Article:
A few months ago, on April 4, 2019, Reef2Reef published an article called "Depression in Fish". Although the article was well researched, and I personally fact-checked it, we received from our readers a lot of pushback to the article's premise that, yes, fish can and do suffer from depression.

So, when I was fortunate enough to talk to Dr. Culum Brown recently, the first question I asked him was about depression in fish.

Yes, fish can and do suffer from depression. "Their physiology is very similar to our own. Antidepressants work on fish in the same way as they do in humans," he said.


Dr. Culum Brown is Professor in the Department of Biological Sciences at Macquarie University in Sydney, Australia. He's one of the world's leading experts on fish behaviour and cognition and the co-editor and major contributor to many of the chapters of the textbook, Fish Cognition and Behaviour, a book that I have and am planning to review for Reef2Reef in the future.

He's also Editor of The Journal of Fish Biology, and he runs the "Fish Lab," the Behaviour, Ecology and Evolution of Fishes Laboratory that is part of Macquarie University and which conducts research on freshwater and saltwater fishes.

According to his website, he got his Ph.D. at University of Queensland and did post-doc training at both Cambridge and then University of Edinburgh and in collaboration with the Smithsonian Research Institute in Panama. If you need any further convincing of his credentials, then have a look at his Google Citations page for publication details.

Research at the Fish Lab includes the following: "movement and migrations of Port Jackson sharks, social behaviour of reef manta rays, spatial learning in intertidal gobies, and pain perception and sentience in fish." This information was taken from the Research page of their website.

I asked Dr. Brown a series of questions, and I'm going to let him speak for himself here and quote him directly. Direct quotes are in italics and in blue for ease of reading.

A Manta ray.

Photo is courtesy of @Seawitch ©2019, All Rights Reserved.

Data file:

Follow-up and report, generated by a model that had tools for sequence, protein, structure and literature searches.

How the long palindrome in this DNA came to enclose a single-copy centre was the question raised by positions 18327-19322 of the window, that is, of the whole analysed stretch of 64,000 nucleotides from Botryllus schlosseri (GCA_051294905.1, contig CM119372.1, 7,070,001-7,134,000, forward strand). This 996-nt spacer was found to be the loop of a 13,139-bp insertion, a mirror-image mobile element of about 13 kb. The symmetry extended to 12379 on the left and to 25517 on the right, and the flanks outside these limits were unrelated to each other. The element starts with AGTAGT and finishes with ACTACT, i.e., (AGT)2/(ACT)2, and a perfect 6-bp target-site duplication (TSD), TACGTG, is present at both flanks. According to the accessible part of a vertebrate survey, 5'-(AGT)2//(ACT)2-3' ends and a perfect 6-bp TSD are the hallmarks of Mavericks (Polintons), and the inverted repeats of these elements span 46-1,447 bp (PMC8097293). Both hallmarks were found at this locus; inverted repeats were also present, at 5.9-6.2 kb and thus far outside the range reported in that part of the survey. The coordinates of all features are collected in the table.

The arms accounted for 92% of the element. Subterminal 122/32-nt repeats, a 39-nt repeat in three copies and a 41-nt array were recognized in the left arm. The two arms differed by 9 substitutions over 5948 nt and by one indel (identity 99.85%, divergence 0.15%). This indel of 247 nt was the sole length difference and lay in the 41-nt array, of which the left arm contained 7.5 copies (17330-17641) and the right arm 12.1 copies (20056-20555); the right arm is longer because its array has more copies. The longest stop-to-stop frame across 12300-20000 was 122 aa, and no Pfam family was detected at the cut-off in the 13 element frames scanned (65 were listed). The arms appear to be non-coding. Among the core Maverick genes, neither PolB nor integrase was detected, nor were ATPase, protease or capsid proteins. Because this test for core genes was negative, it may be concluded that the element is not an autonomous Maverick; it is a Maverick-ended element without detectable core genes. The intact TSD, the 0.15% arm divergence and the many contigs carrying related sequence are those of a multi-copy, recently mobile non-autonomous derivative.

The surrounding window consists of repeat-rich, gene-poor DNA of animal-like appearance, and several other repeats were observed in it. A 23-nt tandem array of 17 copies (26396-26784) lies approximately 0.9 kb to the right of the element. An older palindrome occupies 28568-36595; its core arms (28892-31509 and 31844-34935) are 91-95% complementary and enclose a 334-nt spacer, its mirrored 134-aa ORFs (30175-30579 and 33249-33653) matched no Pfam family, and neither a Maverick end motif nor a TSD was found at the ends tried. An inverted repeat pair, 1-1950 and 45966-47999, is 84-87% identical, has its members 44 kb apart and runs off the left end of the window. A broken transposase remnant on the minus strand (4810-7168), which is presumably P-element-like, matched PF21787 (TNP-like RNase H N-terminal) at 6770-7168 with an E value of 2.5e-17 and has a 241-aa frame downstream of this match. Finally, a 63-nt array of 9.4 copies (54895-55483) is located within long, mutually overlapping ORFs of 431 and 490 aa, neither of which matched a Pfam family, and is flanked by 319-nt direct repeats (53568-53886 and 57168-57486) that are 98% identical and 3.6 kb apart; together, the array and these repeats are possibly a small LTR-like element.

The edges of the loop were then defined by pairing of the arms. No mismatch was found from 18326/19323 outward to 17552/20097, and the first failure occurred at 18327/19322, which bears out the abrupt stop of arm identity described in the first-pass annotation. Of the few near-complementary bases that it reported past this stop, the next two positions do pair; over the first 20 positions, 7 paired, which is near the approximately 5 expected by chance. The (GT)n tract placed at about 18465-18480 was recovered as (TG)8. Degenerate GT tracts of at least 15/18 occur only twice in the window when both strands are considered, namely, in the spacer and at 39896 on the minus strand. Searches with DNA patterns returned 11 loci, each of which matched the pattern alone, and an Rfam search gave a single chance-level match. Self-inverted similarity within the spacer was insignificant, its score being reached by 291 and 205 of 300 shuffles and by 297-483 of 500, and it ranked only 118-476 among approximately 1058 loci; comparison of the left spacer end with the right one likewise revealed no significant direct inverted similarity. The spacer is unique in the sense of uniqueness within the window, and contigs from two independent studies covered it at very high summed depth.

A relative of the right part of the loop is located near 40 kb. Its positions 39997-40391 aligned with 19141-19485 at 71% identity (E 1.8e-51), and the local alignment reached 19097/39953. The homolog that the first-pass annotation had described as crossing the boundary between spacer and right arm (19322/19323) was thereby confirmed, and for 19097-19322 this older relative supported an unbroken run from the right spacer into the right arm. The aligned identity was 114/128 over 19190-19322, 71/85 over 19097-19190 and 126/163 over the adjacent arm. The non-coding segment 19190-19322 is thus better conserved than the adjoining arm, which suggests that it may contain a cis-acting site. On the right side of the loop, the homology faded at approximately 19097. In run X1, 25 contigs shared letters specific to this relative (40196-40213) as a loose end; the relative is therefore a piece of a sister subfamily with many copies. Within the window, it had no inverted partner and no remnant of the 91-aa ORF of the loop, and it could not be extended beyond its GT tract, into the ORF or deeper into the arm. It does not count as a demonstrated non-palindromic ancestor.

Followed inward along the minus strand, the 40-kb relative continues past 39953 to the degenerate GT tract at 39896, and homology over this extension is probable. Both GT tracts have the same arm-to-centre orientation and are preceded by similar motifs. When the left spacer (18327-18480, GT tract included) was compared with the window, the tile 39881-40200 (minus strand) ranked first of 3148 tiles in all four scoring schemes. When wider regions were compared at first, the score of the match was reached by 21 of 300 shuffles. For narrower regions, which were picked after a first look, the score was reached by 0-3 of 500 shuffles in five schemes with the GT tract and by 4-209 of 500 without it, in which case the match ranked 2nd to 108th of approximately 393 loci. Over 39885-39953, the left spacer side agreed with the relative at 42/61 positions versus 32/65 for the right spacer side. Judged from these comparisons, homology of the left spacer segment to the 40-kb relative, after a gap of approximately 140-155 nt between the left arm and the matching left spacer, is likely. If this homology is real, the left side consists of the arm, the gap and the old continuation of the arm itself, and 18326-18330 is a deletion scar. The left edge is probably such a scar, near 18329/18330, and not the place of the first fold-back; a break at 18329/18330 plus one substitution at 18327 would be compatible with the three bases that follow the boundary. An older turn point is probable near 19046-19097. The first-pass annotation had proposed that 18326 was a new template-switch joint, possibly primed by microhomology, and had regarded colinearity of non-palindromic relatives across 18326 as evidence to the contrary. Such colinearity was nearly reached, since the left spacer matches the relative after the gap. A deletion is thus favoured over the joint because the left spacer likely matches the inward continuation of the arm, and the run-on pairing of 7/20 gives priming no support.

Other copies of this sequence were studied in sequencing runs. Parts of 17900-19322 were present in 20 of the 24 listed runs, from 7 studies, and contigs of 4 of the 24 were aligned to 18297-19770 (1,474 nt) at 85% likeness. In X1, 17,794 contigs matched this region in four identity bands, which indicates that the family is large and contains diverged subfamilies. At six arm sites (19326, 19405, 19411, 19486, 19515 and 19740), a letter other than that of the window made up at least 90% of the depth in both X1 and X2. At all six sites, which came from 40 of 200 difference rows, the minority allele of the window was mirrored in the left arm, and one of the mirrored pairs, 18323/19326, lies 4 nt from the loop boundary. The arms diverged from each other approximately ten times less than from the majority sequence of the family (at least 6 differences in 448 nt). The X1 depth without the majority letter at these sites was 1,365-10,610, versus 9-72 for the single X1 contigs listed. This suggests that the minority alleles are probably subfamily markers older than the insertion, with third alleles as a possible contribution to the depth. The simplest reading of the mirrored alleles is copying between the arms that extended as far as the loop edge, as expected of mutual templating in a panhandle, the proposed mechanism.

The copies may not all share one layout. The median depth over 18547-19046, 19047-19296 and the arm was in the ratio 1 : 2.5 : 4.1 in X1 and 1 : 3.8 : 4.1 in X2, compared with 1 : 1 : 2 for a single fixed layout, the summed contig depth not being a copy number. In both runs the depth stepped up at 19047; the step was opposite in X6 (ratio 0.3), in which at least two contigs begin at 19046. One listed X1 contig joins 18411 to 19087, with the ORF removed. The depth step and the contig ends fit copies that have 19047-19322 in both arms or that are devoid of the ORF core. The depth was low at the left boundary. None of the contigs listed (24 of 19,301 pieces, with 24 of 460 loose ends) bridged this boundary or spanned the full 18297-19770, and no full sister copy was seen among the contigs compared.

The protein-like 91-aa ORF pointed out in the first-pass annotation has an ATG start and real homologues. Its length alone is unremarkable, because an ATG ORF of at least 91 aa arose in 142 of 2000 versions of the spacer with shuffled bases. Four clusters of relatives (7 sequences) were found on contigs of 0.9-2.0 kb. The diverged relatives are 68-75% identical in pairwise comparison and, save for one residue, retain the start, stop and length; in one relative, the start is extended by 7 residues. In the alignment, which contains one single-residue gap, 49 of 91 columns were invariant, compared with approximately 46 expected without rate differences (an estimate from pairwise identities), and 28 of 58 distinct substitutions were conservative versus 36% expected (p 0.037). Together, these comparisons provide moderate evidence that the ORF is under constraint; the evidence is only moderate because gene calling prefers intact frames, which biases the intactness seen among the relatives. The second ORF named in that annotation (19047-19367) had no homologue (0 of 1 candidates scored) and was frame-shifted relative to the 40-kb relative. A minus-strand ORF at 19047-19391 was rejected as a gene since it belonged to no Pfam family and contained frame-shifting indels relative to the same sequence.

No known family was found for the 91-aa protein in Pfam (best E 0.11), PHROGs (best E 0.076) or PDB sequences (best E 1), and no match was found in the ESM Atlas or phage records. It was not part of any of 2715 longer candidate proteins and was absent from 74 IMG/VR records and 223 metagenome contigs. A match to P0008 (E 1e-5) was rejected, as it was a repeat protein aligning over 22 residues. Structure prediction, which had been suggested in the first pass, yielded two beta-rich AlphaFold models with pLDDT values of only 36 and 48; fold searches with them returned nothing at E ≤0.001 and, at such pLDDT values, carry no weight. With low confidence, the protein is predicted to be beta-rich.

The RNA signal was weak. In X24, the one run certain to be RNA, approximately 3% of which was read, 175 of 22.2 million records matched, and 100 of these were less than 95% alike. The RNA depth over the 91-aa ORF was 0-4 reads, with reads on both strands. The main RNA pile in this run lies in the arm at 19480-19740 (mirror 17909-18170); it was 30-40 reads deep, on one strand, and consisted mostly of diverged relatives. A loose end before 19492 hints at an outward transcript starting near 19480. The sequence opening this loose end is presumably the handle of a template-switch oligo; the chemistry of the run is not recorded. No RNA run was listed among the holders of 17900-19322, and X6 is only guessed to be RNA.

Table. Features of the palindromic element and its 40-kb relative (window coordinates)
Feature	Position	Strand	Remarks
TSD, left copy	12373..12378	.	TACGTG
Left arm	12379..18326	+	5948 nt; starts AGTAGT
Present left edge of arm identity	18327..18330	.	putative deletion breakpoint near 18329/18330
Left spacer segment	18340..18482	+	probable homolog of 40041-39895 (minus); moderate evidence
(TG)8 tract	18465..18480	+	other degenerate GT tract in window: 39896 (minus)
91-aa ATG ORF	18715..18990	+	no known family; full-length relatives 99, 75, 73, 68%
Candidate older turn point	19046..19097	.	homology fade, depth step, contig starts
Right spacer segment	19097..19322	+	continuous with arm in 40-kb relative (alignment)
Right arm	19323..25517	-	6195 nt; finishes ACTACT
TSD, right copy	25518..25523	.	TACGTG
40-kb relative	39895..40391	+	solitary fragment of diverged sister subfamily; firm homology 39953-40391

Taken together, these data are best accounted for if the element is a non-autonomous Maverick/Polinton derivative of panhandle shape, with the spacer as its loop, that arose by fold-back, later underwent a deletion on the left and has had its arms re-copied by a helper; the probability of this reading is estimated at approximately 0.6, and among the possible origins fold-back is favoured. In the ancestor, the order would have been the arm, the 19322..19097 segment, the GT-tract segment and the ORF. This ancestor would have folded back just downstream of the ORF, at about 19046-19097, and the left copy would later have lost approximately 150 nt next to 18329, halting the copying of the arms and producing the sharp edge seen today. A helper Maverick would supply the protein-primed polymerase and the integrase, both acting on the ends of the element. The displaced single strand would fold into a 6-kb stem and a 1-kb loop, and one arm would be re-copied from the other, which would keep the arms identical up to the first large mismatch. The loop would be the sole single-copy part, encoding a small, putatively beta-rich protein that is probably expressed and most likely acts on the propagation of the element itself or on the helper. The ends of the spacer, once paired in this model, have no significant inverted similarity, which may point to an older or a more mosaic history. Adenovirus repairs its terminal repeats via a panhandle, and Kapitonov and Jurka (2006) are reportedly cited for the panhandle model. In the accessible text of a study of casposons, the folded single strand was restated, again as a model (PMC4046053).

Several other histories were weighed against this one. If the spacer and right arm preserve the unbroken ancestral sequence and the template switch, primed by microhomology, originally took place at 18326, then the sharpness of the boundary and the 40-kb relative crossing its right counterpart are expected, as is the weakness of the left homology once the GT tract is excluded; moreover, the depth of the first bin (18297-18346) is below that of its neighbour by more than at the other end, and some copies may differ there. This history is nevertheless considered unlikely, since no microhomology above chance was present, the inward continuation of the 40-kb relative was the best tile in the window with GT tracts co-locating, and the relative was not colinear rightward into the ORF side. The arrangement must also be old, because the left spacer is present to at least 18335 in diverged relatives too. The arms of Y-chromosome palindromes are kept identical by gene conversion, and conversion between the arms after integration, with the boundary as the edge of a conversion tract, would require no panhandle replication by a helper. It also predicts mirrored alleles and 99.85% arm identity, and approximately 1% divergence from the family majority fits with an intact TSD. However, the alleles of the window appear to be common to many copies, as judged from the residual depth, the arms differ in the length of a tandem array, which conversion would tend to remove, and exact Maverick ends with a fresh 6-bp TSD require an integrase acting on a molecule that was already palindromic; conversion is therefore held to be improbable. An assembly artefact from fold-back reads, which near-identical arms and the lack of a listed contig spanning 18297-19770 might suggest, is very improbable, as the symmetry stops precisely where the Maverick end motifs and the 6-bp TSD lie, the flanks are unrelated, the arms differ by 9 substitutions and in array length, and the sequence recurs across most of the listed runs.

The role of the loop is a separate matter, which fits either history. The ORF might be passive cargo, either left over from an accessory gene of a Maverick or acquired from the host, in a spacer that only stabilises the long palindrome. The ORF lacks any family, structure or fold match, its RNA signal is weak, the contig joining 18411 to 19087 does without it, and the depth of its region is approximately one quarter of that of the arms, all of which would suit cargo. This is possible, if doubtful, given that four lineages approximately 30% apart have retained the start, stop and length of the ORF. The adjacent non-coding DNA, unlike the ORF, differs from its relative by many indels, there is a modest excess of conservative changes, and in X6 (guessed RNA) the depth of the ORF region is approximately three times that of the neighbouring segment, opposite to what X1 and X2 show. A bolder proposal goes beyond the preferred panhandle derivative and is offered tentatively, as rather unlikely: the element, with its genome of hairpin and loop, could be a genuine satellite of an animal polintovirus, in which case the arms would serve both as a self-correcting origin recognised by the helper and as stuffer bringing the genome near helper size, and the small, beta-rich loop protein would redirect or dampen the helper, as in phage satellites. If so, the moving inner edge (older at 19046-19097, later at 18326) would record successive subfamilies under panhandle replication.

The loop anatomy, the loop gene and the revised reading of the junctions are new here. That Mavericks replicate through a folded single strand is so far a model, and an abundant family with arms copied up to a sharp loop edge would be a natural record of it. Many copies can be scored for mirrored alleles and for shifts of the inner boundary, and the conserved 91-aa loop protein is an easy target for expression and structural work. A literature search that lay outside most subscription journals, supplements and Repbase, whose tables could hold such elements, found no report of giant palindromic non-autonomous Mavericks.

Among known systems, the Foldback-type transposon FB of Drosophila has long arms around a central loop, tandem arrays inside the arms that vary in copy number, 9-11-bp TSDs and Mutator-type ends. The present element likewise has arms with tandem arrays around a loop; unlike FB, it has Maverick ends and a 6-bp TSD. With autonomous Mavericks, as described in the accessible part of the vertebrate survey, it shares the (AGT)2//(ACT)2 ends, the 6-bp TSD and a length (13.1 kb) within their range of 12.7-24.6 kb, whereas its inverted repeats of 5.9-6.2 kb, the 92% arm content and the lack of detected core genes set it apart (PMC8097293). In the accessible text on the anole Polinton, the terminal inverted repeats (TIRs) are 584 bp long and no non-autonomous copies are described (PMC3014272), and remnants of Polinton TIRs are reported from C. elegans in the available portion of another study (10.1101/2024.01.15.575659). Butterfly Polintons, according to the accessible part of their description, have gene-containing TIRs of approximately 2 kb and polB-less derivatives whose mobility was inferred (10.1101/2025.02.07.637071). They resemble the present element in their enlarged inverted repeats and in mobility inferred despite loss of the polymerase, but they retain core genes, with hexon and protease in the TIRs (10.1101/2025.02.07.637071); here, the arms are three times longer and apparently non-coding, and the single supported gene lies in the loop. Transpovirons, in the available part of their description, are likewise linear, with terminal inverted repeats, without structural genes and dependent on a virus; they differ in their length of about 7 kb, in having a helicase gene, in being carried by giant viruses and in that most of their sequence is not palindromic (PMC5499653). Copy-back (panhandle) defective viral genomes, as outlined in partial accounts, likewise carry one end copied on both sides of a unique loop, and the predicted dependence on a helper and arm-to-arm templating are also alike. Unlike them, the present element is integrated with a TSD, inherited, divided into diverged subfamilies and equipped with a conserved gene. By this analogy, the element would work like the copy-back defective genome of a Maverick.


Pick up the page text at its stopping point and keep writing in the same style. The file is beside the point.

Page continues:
I asked him about the research related to Port Jackson sharks that his lab is working on:

Our PJ research is very varied. We started out by just trying to figure out where they go. Acoustic tracking is a fab way to do that. We can also figure out if there are any environmental variables that drive their movements. But there is heaps of other information you can get from these tags including detailed information about who they hang out with. So we have a pretty good understanding of their social lives as well.

The fish lab, like most research centers, needs press and money. They have one program where you can donate a certain amount and adopt a Port Jackson shark and name him or her and follow his or her movements. But there are also other programs that you can support if you feel so inclined.

We have several projects that rely on crowdfunding, one on smooth stingrays (the biggest marine stingrays in the world), one looking at the movement and behaviour of manta rays, and, of course, the PJ work. Supporting this work with donations of any size is always highly appreciated. And people can buy our lab t-shirts (we don't actually make money on those, but it spreads the word).

A Port Jackson shark, Heterodontus portusjacksoni.

Photo is courtesy of Richard Ling from flickr and used with permission via Creative Commons License 2.0.

I noticed on one of the Fish Lab web pages that there was a grad student studying zebrafinches. I asked Dr. Brown about that because I wondered if that was a fish I hadn't heard of.